This is the main strength of the album, the ability to meld different sounds and use various samples in odd and interesting ways you’ve never imagined would work so well together. Flume is also a master of bass, seriously, your subwoofer probably hasn’t worked this hard in a long time. With pounds of drums and ambient bass lines, I haven’t heard songs with beautiful bass lines like this since Deadmau5’s 4×4=12.   

He also mixes in a lot more hip-hop than I expected and it makes his music even more appealing and more addictive. You Know is such a progressive hip-hop/rap dedicated piece, if it weren’t for the other similar songs, you wouldn’t believe it was actually on Skin. My favorite on the album is Smoke and Retribution featuring Vince Staples and Kučka, its rhythm is so strong and the pauses with light synth parts is downright powerful.

Skin takes some dedicated time to understand and appreciate. It does something that I haven’t seen anywhere else using very different tones and genre melding tracks even including the infamous Beck. It is a hit and miss though, some tracks are great and appeal to everyone, but others might be only attractive to a select few. But if you like any kind of EDM, you’ll find a new favorite song from Flume.

November 9, 2015 2:46 pm

It’s official. The 80’s – so hot right now.

This is actually not news. This is a trend that has been building over the last decade and is now in full swing. For proof see Daft Punk’s 2013 Grammy Album of the Year, R.A.M. (hint: the secret ingredient is disco). Dozens of bands have been taking part in this trend, but one of the latest is Nashville’s Myzica. After forming in early 2014, Isaaca Byrd and Micah Tawlks produced a slick self-titled synth-pop EP that is quite easy to love. The band manages to do what many others operating in this space can’t (see: the new 1975 song). They take the best parts of 80’s synth pop and fuse it with everything that has come since. It’s a style that acknowledges that there is a reason 80’s music is going through its resurgence, but there’s also a reason some things got left in the 80’s.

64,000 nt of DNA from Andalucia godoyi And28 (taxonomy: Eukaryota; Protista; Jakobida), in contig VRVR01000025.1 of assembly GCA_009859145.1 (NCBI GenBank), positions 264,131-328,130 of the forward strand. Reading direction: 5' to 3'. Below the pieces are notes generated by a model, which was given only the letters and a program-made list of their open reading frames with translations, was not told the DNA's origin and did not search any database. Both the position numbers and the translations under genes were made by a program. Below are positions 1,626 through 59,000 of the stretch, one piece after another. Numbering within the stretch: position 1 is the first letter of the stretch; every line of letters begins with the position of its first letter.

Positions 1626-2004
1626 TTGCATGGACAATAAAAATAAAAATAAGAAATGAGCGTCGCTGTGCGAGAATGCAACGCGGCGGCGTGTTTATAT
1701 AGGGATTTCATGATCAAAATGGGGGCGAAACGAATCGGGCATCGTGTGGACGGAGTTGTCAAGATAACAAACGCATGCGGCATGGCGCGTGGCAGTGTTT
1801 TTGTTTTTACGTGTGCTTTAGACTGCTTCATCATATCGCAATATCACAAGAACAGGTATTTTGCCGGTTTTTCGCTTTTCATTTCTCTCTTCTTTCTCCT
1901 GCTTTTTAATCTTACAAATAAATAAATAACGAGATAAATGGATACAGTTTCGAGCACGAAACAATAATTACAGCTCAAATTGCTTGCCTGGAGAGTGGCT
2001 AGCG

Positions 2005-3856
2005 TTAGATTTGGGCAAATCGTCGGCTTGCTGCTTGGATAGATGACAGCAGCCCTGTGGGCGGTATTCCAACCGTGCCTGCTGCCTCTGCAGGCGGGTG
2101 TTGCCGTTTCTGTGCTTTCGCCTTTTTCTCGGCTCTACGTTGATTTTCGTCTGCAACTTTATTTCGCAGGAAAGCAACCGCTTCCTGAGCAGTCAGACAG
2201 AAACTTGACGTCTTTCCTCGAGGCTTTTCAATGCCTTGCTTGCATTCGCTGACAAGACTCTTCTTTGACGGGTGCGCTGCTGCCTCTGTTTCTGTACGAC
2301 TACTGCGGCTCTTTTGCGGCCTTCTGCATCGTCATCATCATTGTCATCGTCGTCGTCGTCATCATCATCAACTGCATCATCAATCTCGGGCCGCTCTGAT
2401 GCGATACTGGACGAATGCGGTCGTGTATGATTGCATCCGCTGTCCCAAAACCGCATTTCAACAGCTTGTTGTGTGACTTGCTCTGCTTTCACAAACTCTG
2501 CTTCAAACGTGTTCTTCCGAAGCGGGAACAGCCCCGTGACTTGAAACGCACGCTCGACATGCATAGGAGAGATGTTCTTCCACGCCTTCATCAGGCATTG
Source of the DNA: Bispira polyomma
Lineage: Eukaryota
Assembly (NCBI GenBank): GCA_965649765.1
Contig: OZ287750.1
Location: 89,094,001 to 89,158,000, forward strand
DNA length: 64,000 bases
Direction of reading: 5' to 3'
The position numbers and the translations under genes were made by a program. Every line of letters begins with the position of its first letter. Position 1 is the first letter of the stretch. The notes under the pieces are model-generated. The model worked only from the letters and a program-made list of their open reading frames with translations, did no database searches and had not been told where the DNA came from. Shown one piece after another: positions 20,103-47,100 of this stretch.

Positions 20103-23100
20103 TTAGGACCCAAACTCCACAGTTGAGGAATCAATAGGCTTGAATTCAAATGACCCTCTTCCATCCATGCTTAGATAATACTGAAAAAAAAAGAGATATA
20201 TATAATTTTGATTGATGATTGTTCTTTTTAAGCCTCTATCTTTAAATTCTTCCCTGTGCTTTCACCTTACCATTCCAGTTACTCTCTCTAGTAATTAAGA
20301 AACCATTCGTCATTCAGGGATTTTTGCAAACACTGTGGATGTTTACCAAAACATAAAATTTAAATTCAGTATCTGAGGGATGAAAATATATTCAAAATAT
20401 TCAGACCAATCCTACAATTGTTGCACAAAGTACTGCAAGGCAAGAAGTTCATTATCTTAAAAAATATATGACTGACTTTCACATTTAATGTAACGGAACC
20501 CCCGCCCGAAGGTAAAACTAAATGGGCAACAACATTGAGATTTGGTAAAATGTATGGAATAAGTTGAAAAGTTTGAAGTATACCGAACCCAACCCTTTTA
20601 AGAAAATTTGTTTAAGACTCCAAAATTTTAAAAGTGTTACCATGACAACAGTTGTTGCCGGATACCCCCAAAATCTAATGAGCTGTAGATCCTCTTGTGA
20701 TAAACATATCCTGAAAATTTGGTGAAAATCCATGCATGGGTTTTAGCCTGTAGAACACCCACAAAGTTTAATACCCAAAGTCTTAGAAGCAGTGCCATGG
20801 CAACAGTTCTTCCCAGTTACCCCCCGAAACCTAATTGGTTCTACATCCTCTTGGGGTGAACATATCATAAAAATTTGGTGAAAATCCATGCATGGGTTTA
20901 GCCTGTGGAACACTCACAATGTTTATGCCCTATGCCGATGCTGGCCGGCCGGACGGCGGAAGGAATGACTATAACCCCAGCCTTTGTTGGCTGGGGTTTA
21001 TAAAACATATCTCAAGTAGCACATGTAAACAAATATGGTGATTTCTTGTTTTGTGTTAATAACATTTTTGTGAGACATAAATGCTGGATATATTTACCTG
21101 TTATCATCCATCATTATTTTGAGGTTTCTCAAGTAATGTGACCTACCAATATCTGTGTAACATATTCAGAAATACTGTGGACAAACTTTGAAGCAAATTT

Photo by @Josh.redmon

The first song off the EP is the first Myzica song ever, “Ready or Not. It’s also pretty damn groovy. What separates this from other synth-pop songs of the 80’s and today is that it’s not overblown. They knew when to stop- when there were too many things going on. This is a trend that drives not only this song, but much of Myzcia’s music. The bouncy pocket of the verse in this song comes from the scarcity of the drums, bass and guitar. Each instrument is playing something reserved, yet interesting. The parts work together to build a tasty bed of greens for the Isaaca’s Raspberry-vinaigrette voice (sweet, with a bit of bite; adds significant color).

Friday the band opened for COIN at 3rd and Lindsley in Nashville. Their promising EP seeded high expectations that the band followed through on. Isaaca and Micah were joined on stage by Garreth Spinn on guitar and Dabney Morris on drums. The pair fit in nicely, playing the syncopated parts with energy and flare, but without overstepping their bounds. Morris did a nice job integrating the various electronic drum noises without losing the feel of the song, and Spinn impressed not only with his complex-yet-reserved rhythm guitar, but also with his spry dance moves.

A highlight of the set came with a performance of Myzica’s newest release, a cover of “I Was Made For Lovin You” by KISS. This is a perfect cover for them. The original is from the time period that the genre references, but not exactly from the genre itself. Their version is fresh and dancy, different from the original, but still fueled by its nostalgia. While this seemed to be missed by the significant portion of the crowd that was there for COIN (aka: in high school), it did release a blast of energy into the room.

The stellar performance was hindered by only a few things, and keep in mind, this is being pretty nit-picky. Firstly, the band would benefit from more dynamic lighting. You can’t blame them here too much, as they were not the headlining act and therefore didn’t get the full treatment. But the groovy, exciting music calls for a groovy, exciting stage atmosphere to match. Myzica could also benefit from having a higher quality sound maintenance. While the sound was by no means bad, it seemed like it was not the ideal mix for them. Again, the venue had to leave room for the headline to come on after and sound better/louder, but the issue was more the mix than the volume. Isaaca’s voice was clear, but the synth sounds didn’t quite match up with the acoustic ones. In particular, the electric drum sounds lacked the body and presence they needed to fill out the songs.

Finally, the band needs a pinch more stage presence. When the music is super active, this is not a problem. For instance, when Isaaca was singing, she was captivating. She carried an energy and excitement that was contagious. But when she stepped back from the mic, that energy melted away. While she shouldn’t be in the forefront for the whole show, the group could find a way to carry that intensity throughout the more “low-energy” parts of the set.